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This sensor is a carrier/breakout board for ST’s VL53L1X laser-ranging sensor, which offers fast and accurate ranging up to 4 m. It uses the time of flight (ToF) of invisible, eye-safe laser pulses to measure absolute distances independent of ambient lighting conditions and target characteristics like color, shape, and texture (though these things will affect the maximum range). The VL53L1X also features a programmable region of interest (ROI), so the full field of view can be reduced or divided into multiple zones. Distance measurements can be read through a digital I²C interface. The board includes a 2.8 V linear regulator and level-shifters that allow it to work over an input voltage range of 2.6 V to 5.5 V, and the 0.1″ pin spacing makes it easy to use with standard solderless breadboards and 0.1″ perfboards.
VL53L1X Time-of-Flight Distance Sensor Carrier with Voltage Regulator, 400cm Max.
VL53L1X Time-of-Flight Distance Sensor Carrier with included header pins.
VL53L0X/VL53L1X/VL53L3CX Time-of-Flight Distance Sensor Carrier, bottom view with dimensions.
Pinout diagram of the VL53L1X Time-of-Flight Distance Sensor Carrier.
VL53L1X Time-of-Flight Distance Sensor Carrier in a breadboard.
Schematic diagram of the VL53L0X/VL53L1X/VL53L3CX Time-of-Flight Distance Sensor Carrier.
From VL53L1X datasheet: graphs of maximum distance and repeatability error vs timing budget.
The VL53L1X carrier might ship with a protective liner covering the sensor IC that must be removed before use.
Side-by-side comparison of the VL53L0X and VL53L1X Time-of-Flight Distance Sensor Carriers.
Comparison of the VL6180X, VL53L0X, VL53L1X, VL53L3CX, VL53L5CX, VL53L7CX, and VL53L8CX Time-of-Flight Distance Sensor Carriers.
The VL53L1X from ST Microelectronics is a long-distance ranging time-of-flight (TOF) sensor integrated into a compact module. This board is a carrier for the VL53L1X, so we recommend careful reading of the VL53L1X datasheet (1MB pdf) before using this product.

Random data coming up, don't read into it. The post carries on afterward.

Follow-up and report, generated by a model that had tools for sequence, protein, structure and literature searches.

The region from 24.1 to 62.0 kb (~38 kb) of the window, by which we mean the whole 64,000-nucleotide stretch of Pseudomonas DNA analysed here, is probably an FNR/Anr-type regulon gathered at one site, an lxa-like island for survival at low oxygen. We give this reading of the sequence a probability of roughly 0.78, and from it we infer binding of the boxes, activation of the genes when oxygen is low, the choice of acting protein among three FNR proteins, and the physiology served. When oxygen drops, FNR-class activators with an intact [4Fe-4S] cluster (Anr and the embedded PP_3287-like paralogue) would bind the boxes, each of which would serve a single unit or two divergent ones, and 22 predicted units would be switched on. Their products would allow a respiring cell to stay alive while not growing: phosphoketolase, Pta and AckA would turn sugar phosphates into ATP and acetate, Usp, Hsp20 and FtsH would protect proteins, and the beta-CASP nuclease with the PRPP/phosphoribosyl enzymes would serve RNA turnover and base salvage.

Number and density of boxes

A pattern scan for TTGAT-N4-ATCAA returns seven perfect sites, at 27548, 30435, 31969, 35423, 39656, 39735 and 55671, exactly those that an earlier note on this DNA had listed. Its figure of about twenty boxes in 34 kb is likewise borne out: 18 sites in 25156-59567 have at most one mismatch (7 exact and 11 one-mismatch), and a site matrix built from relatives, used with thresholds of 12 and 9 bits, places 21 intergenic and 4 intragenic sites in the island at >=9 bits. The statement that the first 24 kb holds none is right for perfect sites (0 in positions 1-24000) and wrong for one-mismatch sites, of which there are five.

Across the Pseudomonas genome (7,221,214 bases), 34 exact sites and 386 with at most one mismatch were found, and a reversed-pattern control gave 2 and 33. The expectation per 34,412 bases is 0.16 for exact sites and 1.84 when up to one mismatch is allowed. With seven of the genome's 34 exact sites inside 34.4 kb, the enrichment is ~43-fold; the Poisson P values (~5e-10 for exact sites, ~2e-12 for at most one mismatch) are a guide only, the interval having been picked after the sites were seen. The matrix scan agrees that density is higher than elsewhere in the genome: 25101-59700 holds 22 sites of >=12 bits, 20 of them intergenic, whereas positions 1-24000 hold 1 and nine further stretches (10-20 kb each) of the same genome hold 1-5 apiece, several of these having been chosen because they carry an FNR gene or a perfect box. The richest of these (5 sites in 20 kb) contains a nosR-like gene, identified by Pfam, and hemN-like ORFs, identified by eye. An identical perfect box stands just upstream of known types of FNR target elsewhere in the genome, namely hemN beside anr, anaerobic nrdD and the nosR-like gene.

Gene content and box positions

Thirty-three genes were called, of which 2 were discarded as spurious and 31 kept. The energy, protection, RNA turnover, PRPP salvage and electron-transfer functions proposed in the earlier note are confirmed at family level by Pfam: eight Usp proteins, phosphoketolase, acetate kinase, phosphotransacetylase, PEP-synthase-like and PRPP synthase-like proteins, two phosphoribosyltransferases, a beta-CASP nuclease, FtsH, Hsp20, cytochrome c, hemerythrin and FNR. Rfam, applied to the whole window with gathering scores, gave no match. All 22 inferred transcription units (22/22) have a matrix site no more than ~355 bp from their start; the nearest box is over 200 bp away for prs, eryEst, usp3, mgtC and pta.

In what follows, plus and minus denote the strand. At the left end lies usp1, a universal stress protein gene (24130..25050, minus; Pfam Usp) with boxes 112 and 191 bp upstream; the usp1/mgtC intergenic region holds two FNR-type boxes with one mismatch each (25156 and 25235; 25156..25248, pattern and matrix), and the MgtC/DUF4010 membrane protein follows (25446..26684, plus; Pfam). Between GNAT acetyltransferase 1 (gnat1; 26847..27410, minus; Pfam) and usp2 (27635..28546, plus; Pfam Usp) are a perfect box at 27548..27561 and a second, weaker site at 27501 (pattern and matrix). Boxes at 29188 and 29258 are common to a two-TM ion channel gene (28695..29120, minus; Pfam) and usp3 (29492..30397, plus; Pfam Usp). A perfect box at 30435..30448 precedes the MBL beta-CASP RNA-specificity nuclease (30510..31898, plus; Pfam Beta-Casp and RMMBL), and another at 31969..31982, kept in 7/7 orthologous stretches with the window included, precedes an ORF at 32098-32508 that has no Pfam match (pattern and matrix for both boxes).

The VL53L1X is effectively a tiny, self-contained lidar system featuring an integrated 940 nm Class 1 laser, which is invisible and eye-safe. Unlike conventional IR sensors that use the intensity of reflected light to estimate the distance to an object, the VL53L1X uses ST’s FlightSense technology to precisely measure how long it takes for emitted pulses of infrared laser light to reach the nearest object and be reflected back to a detector. This approach ensures absolute distance measurements independent of ambient lighting conditions and target characteristics (e.g. color, shape, texture, and reflectivity), though these external conditions do affect the maximum range of the sensor, as do the sensor configuration settings.
Under favorable conditions, such as low ambient light with a high-reflectivity target, the sensor can report distances up to 4 m (13 ft) with 1 mm resolution. See the datasheet for more information on how various external conditions and sensor configurations affect things like maximum range, repeatability, and ranging error. The minimum ranging distance is 4 cm; inside of this range, the sensor will still detect a target, but the measurement will not be accurate. Ranging measurements are available through the sensor’s I²C (TWI) interface, which is also used to configure sensor settings, and the sensor provides two additional pins: a shutdown input and an interrupt output.
The VL53L1X offers three distance modes: short, medium, and long. Long distance mode allows the longest possible ranging distance of 4 m, but the maximum range is significantly affected by ambient light. Short distance mode is mostly immune to ambient light, but the maximum ranging distance is typically limited to 1.3 m (4.4 ft). The maximum sampling rate in short distance mode is 50 Hz while the maximum sampling rate for medium and long distance modes is 30 Hz. Performance can be improved in all modes by using lower sampling rates and longer timing budgets (as can be seen in the figure above).
For advanced applications, the VL53L1X supports configurable thresholds that can be used to trigger interrupts when a target is detected below a certain distance, beyond a certain distance, outside of a range, or within a range. It also supports an alternate detection mode that generates an interrupt when no target is present. Additionally, unlike its predecessors, the VL53L1X supports a configurable region of interest (ROI) within its full 16×16 sensing array, allowing you to reduce the field of view (FoV). With all 265 detection elements enabled, the FoV is 27°. An “Autonomous Low Power” mode that is specially tuned for advanced presence detection is available. This mode allows for significant system power saving by switching off or waking up the host automatically when a human or object is detected within the configured distance thresholds in the region of interest.